We are living in a dangerous time

What I hope the events in Ferguson have made clear to all Americans is that in 2014, we still live in dangerous times. I’m reminded of, and find myself turning back to, many important figures and texts from the Civil Rights era in American history, notably Dr. King’s Letter from a Birmingham Jail, some Langston Hughes, and essays from James Baldwin

King was told time and again to wait, criticized by the powerful everywhere he went. He was attacked by local clergy in Birmingham and labeled an “outside agitator” for his activism in Alabama. Like many of the contemporary activists in St. Louis, powerful people told his organization to stay away. King responded eloquently, in words that now appear in many anthologies of quotations and on posters in classrooms–including mine:  

I am cognizant of the interrelatedness of all communities and states. I cannot sit idly by in Atlanta and not be concerned about what happens in Birmingham. Injustice anywhere is a threat to justice everywhere. We are caught in an inescapable network of mutuality, tied in a single garment of destiny. Whatever affects one directly, affects all indirectly. Never again can we afford to live with the narrow, provincial “outside agitator” idea. Anyone who lives inside the United States can never be considered an outsider anywhere within its bounds.

Like Dr. King, Baldwin recognized the urgency of inequality and the subhuman treatment of Black Americans at the hands of the state. In some ways, Baldwin’s literary work represents a drawn-out response to DuBois’ famous question, ever on the lips of white Americans: “How does it feel to be a problem?” Black Americans are told, in multiple ways, that they are not quite citizens, not quite equal, in so many ways not yet a full member of society. It is particularly difficult to swallow in the context of the American dream, which promotes the mythology of success through striving. In a 1984 issue of Essence Magazine, Baldwin was in conversation with Audre Lord. They discussed that same question: how does it feel–to be Black in America, to be marginalized, to be–in 1903 when DuBois wrote, in the 1960’s and today in 2014–a problem?

JB: One of the dangers of being a Black American is being schizophrenic, and I mean ‘schizophrenic’ in the most literal sense. To be a Black American is in some ways to be born with the desire to be white. It’s a part of the price you pay for being born here, and it affects every Black person. We can go back to Vietnam, we can go back to Korea. We can go back for that matter to the First World War. We can go back to W.E.B. Du Bois – an honorable and beautiful man – who campaigned to persuade Black people to fight in the First World War, saying that if we fight in this war to save this country, our right to citizenship can never, never again be questioned – and who can blame him? He really meant it, and if I’d been there at that moment I would have said so too perhaps. Du Bois believed in the American dream. So did Martin. So did Malcolm. So do I. So do you. That’s why we’re sitting here.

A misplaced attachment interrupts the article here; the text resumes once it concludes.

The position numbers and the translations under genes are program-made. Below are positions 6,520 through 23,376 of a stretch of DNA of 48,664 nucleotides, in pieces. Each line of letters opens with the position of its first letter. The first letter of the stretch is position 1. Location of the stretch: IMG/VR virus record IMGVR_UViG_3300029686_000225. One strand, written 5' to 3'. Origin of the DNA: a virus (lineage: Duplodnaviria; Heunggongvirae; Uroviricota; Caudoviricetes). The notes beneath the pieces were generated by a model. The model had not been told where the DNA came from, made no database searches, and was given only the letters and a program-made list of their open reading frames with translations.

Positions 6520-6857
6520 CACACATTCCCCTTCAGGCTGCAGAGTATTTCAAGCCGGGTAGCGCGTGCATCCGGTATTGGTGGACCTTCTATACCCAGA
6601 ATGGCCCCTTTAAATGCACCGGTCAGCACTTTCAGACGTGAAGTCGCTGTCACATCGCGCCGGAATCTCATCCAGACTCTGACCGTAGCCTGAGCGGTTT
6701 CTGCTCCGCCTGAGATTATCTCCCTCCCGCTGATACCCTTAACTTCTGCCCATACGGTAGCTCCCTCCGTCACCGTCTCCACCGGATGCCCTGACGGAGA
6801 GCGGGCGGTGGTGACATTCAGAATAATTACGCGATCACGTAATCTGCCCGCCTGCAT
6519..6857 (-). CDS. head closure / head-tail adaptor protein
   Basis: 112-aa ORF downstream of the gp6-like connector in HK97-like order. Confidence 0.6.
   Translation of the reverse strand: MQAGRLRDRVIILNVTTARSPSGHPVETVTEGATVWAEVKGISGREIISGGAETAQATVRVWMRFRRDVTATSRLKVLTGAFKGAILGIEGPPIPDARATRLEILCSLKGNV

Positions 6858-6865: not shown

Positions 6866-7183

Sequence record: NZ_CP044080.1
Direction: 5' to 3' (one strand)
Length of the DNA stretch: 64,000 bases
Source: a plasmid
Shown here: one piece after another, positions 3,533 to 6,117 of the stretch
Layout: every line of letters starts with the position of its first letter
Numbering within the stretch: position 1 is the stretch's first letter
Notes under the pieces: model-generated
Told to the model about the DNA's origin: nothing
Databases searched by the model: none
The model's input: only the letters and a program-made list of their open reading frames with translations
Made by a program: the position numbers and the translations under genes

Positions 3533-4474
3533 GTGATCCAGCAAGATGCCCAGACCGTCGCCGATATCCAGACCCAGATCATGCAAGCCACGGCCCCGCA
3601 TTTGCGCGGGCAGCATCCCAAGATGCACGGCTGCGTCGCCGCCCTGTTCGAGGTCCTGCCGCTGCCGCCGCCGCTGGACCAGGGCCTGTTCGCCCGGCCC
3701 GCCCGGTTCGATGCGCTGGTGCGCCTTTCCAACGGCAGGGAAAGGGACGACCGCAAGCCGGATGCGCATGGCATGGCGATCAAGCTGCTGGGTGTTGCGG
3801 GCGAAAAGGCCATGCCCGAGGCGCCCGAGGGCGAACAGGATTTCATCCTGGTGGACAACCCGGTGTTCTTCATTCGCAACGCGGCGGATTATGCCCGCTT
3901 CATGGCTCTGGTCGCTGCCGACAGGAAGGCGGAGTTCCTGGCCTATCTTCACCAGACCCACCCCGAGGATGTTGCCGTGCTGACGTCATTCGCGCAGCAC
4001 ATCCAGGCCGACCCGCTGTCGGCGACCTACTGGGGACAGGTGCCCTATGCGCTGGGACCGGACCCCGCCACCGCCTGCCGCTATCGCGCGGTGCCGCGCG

AL: I don’t, honey. I’m sorry, I just can’t let that go past. Deep, deep, deep down I know that dream was never mine. And I wept and I cried and I fought and I stormed, but I just knew it. I was Black. I was female. And I was out – out – by any construct wherever the power lay. So if I had to claw myself insane, if I lived I was going to have to do it alone. Nobody was dreaming about me. Nobody was even studying me except as something to wipe out.

JB: You are saying you do not exist in the American dream except as a nightmare.

All of this is to point out the ridiculousness of calls for respectability in the Black community. No type of behavior, no cultural change or adjustment, and certainly no alteration in fashion can correct hundreds of years of white supremacy and oppression. In a nation built on the backs of African slaves, why is it that change is expected to come from the oppressed, rather than the oppressors? When half-wits like Bill O’Reilly decry urban fashion as a moral outrage, it is merely a distraction; when the mainstream media find mouthpieces of color to deliver this message, such as CNN’s Don Lemon, it becomes increasingly problematic. 

It is not the responsibility of Blacks to end racism. In fact, Blacks have always been victims of white supremacy, and many have endeavored valiantly to reform the power dynamics in this country. Many still do. The idea that minorities need to somehow earn equal rights through proper conduct erodes respect for our nation’s laws, particularly the 14th and 15th amendments, providing for equal treatment under the law and the full rights of citizenship for Black and white equally. 

Having cited several of my favorite writers and activists of color thus far, it only seems appropriate to bring in Ta-Nehisi Coates of The Atlantic in conclusion. In his first commentary on Michael Brown’s killing at the hands of Ferguson police, he artfully declares in the headline that “Black People Are Not Ignoring ‘Black on Black’ Crime,” going on to take down the very idea of respectability politics: 

The politics of respectability are, at their root, the politics of changing the subject—the last resort for those who can not bear the agony of looking their country in the eye. The policy of America has been, for most of its history, white supremacy. The high rates of violence in black neighborhoods do not exist outside of these facts—they evidence them.

This history presents us with a suite of hard choices. We do not like hard choices. Here’s a better idea: Let’s all get together and talk about how Mike Brown would still be alive if Beyoncé would make more wholesome music, followed by a national forum on how the charge of “acting white” contributes to mass incarceration. We can conclude with a keynote lecture on “Kids Today” and a shrug.

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